I graduated from college and took off for another summer in Europe, another odd chapter of the wilderness years.  A summer that saw me ending up in some truly odd situations.  This was at the height of the wildness years, where I had no fixed place where I was all the time but I hadn’t found my home yet.

It was still the phase of things were I was running away from life, not towards it.  

The people who gave me the first internship recommended me for a second internship.  The second one was, um, interesting.  I guess that’s a good way to explain it.  The internship was based in the Northeast quadrant of Washington DC, on Capitol Hill.  The office for the internship was in one of the old row houses.  

I walked into the office at the internship and it was like a time capsule.  I don’t even think the guy who managed the whole thing even had a computer.  But what was the funniest thing was that the guy was there smoking.  In an office.  In 1999.  I mean I knew people had smoked in offices.  But that was in the times when men called women “broads,” men wore hats, red meat was good for you and women had few if any rights.  Something told me they would have loved to harken back to those wonderful days.  

Then there was the internship.  Behind the smoke filled room was another room filled with these ancient computers.  We’re not talking DOS here but they were in desperate need of an upgrade.  None of them could even display most websites properly.  I remember trying to check my email and it wouldn’t even display.  

The building had its own let’s call them quirks.  Quirks.  The floor in the upstairs was slightly warped.  The staircase kinda leaned.  The quirky characters matched their setting. Come to think of it, I never really saw them outside of this time warped structure we all inhabited.

The women in the internship program lived together in housing provided by the organization next door to its headquarters.  There were eight or nine of us living in this three story intern house.  There were bunk beds.  Incredibly we had no cable, no internet hook up and we shared a phone.  All eight or nine of us.  One phone.  What was funny was that the house was directly next to the headquarters of the internship, separated by a fence.  My big decision was to just cross over the fence or walk around it.  The decisions you make as a 22 year old.  

Our neighbor was an old man named Finnegan.  Finnegan.  Another old crank.  Finnegan was a photographer.  Who photographed the Lincoln-Douglas debates.  We’ll get to the origin story of that joke in a little while.  I’m kidding, but only slightly.  The guy had photographed Roosevelt, Franklin Delano.  Teddy may have been a little before his time.  But only slightly.  He had photographed Eisenhower and probably every president after that.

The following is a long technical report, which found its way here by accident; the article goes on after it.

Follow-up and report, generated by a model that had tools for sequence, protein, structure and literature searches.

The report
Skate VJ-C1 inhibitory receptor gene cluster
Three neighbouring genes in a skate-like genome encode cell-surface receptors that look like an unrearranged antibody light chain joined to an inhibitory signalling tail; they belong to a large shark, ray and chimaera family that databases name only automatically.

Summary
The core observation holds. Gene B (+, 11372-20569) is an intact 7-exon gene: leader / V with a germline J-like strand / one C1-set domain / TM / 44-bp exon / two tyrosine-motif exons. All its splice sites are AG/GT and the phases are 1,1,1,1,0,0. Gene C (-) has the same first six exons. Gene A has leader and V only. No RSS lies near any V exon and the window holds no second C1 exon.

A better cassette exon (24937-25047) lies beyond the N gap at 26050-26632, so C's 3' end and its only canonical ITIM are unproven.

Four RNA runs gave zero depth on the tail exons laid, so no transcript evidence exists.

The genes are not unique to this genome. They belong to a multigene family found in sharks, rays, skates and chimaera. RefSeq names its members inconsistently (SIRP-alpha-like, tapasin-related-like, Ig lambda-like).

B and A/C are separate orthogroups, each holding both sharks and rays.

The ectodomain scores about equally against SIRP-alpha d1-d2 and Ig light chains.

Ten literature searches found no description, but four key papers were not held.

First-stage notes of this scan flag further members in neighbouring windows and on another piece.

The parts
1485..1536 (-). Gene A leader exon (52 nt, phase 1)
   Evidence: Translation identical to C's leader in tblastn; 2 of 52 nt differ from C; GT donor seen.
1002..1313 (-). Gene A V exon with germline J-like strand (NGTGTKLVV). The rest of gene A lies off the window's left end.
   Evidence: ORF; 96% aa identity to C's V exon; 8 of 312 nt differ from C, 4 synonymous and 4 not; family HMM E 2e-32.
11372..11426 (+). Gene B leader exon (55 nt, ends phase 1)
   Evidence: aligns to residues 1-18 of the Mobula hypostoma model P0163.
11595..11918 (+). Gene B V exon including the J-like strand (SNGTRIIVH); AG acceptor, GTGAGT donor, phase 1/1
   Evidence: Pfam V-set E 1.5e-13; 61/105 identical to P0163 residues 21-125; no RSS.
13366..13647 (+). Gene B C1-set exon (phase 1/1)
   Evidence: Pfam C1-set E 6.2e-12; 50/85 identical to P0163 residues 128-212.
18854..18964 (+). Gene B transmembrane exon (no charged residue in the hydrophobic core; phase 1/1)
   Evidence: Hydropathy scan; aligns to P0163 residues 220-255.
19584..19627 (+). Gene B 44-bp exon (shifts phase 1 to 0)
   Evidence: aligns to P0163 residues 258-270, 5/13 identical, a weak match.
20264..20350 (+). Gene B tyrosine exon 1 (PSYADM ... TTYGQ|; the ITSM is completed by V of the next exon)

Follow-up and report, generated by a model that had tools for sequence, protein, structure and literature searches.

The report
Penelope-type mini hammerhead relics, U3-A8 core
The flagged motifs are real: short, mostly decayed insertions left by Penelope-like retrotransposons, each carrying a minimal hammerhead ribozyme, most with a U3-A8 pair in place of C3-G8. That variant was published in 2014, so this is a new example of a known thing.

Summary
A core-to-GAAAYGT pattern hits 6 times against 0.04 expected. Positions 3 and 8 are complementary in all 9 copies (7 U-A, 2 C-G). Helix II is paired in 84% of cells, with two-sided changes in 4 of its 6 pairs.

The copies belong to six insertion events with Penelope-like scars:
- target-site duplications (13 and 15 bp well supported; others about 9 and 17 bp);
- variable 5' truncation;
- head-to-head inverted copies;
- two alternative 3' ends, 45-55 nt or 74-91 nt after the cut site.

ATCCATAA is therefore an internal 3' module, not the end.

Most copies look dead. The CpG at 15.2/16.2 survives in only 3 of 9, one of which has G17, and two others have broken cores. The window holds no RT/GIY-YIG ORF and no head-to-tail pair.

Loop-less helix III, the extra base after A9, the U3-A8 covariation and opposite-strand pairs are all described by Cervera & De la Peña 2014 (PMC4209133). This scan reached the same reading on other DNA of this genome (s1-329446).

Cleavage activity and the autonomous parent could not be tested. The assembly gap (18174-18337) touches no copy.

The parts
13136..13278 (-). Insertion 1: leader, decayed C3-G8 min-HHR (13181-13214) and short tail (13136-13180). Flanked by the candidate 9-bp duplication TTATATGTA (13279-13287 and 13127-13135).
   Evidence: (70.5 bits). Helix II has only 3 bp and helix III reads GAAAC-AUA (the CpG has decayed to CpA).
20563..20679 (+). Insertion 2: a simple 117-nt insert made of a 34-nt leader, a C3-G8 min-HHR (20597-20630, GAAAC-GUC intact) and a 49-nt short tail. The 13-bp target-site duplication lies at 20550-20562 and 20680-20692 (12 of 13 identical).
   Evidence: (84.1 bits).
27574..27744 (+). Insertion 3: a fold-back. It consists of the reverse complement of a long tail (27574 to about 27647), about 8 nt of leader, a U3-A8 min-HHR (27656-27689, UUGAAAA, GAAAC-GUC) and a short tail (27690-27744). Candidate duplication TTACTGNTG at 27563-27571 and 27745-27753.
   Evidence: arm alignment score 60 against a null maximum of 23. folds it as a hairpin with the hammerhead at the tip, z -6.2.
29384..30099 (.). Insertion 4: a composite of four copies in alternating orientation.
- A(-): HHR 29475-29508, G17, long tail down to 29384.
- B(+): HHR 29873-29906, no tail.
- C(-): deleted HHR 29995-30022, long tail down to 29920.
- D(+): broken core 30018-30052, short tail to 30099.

And boy Finnegan was cranky.  Vintage cranky.  He has ties older than me cranky.  When I found out that Finnegan was a photographer, I thought I could pick his brain about that.  Finnegan though was having absolutely none of that.  Absolutely none of it.  He told me curtly that back in his day, of daguerreotypes and magnesium flare flashes, you got two tries to get a picture right.  I’m kidding about Finnegan making daguerrotypes but he wasn’t that far removed from that.  Finnegan had a lot of grievances about modern photography.  I mean what what this bullshit about having 36 exposure film????  In Finnegan’s day, with his Graflex Speed Graphic, he got his ten shots and he didn’t complain.  A journalist had come to interview Finnegan about being a historical figure on Capitol Hill.  That person had taken ten rolls of 36 exposure film.  Finnegan was completely horrified by this.  

Then there was our stipend.  The condition was that we had to keep the place clean and we all got the princely sum of $263 a week.  We would receive a check that could only be cashed at an ancient bank on Capitol Hill.  The bank was near Eastern Market on Capitol Hill, so on payday, you’d have a bunch of 22 year olds with nearly $250 dollars in cash on them.  I mean direct deposit already existed.  People weren’t getting physical checks anymore.  But as I said, the place wanted to hang on to ancient ways of doing things and no, they were not looking to change anything.  

We were all assigned these news stories to research, things that the two who ran the internship wanted us to report about, I guess.  The topics were, um, weird.  Let’s say they were to the right of what I believed, what I currently believe.  My topic was about press leaks and Ken Starr.  Ken Starr and his office leaking things to the press.  Ken Starr leaking.  I don’t even remember.  And Ken Starr.  Who ever remembers that name?  It was that long ago.  The topics definitely had a certain stance to them, let’s put it that way.  A certain right leaning stance.  Yes.  Let’s definitely put it that way.

There was this unpleasant little man who worked there as well.  One day I did say that I had no interest in the topic I had been assigned.  This little unpleasant man said that journalism was about writing about things you have no interest in.  I said eventually I wanted to write about my opinions.  This person said that opinions were like buttholes.  Everyone has them.  Except he used a different, more colorful term.  This was the first time anyone ever said this to me and unfortunately not the last.